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After the Fed elected to stand pat for the moment, the market is has switched its focus to Mario Draghi.His situation is someone different from Ben Bernanke’s, as the European Central Bank has a narrower mandate and more complicated system of government to deal with.
Morgan Stanley has put together a list of Draghi’s possible courses of action, we’ve separated them out by their rating of potential impact.
- Changing collateral requirements: The ECB could enact this on their own, however the impact would be muted outside of the markets that are directly affected.
- Buying EFSF (European Financial Stability Fund) debt: Not very effective as EFSF rates are already low, and it does not help lower periphery yields.
Low to medium impact:
- Extending LTRO (Long Term Refinancing Operations): This would involve extending the ECB’s program offering cheap long term loans to banks. Limited impact/take up as there is little appetite for risk or balance sheet expansion among European banks.
- Refinancing rate cut: Could be enacted by the ECB’s governing council alone, would result in cheaper funding for banks.
- Depository rate cut: This would involve making banks pay to hold reserves with the Central Bank. Morgan Stanley believes it would likely richen collateral rates, but not increase cross border interbank lending.
- Private debt purchases: Unlikely to occur as private bond purchases won’t affect the sovereign debt crisis.
- Revising seniority of Government bond holdings: This would take a bit more doing as it would require the assent of Euro area governments. Could have a very large impact, especially if the decision is retroactive. This would be the path towards a revised Greek bailout in which public debt holders take a haircut in the value of their bonds.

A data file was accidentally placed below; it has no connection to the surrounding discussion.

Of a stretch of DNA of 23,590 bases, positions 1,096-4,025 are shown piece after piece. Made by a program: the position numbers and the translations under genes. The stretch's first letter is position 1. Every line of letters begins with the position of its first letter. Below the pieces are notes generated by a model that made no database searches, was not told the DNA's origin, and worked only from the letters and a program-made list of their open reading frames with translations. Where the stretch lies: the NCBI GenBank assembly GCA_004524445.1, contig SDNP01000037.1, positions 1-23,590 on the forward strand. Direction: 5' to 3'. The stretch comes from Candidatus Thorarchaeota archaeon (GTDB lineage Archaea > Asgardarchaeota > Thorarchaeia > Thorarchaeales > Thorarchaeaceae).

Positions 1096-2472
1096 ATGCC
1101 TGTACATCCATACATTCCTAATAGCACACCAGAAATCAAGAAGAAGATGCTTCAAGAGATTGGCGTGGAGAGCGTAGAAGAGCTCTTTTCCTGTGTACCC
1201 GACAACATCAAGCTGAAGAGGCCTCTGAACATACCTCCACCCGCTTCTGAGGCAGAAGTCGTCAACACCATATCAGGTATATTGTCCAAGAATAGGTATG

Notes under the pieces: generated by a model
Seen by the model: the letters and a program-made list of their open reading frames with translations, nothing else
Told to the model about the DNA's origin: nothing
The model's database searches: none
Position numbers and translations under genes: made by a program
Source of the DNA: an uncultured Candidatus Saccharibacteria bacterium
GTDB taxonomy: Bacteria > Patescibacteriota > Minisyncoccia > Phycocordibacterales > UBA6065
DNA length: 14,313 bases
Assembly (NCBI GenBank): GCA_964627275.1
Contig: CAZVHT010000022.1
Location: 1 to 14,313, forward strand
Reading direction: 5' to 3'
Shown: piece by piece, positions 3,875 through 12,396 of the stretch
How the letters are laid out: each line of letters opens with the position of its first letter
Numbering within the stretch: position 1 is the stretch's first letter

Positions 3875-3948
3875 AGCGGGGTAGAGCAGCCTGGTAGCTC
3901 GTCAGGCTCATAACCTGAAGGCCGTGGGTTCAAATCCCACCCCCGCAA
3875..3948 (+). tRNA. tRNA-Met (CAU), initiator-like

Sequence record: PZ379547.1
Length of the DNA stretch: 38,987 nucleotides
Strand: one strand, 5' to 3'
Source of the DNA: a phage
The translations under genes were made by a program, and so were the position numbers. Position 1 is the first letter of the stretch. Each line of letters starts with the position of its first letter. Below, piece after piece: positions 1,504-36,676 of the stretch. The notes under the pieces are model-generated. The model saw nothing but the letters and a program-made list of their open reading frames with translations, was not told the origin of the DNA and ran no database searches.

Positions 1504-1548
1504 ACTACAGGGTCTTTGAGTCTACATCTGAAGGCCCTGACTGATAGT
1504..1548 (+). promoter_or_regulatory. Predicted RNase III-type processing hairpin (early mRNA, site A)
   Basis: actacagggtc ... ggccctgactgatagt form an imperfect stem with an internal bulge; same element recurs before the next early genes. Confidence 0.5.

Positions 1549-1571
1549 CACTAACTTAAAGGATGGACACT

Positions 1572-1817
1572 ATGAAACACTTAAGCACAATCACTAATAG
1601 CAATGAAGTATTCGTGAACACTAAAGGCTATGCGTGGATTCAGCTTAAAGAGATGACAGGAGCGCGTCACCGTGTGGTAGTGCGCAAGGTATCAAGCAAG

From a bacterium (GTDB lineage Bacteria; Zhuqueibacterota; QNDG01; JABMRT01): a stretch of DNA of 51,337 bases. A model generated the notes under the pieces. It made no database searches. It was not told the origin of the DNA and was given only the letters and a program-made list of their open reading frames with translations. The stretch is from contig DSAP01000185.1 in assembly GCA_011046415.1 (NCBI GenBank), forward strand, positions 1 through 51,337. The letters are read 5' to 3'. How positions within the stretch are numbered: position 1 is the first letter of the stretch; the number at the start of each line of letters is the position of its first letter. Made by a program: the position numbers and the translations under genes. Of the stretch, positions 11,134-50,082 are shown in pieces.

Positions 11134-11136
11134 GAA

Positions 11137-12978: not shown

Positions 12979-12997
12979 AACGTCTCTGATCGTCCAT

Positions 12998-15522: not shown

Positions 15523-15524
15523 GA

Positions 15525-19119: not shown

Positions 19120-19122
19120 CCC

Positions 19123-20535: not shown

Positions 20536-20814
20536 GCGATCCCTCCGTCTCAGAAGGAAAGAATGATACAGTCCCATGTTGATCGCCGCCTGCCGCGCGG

- Combining the SMP (Securities Market Program) with the EFSF (European Financial Stability Fund): There are significant barriers to such a program, a country would have to apply for a support program, the ECB and EC must agree that financial stability is under threat, finance ministers would have to accept the program, then the Euro area parliaments would vote. However, a coordinated program of bond purchases in the primary market (EFSF) and the secondary market (by the ECB) would be a powerful way to reduce periphery bond yields.
- ESM Banking licence: The ECB would serve as a counterparty for the ESM to buy up debt. The issue is that the EU treaty explicitly bans the monetary financing of EU institutions. The issue is currently being decided in German constitutional court. This would have a large impact as it would create a lender of last resort for governments.
- Quantitative easing: Purchases of public and private assets on a large scale. The ECB would have to justify this as a move to prevent downside risk to price stability, which Draghi started to do last week. Points to the ECB starting to serve as a lender of last resort for governments.
- Securities Market Program Alone: This would involve sterilized government bond purchases by the ECB. Since it is of fixed duration and has not been successful in limiting bond spreads and yields in the past, it is unlikely to be hugely effective.
- Funding for lending: This would copy a Bank of England program in which a bank could swap a loan to a household or business for a liquid asset from the central bank, paying an interest rate that is dependent on the bank’s level of lending. Could help increase loans to small businesses in the Eurozone.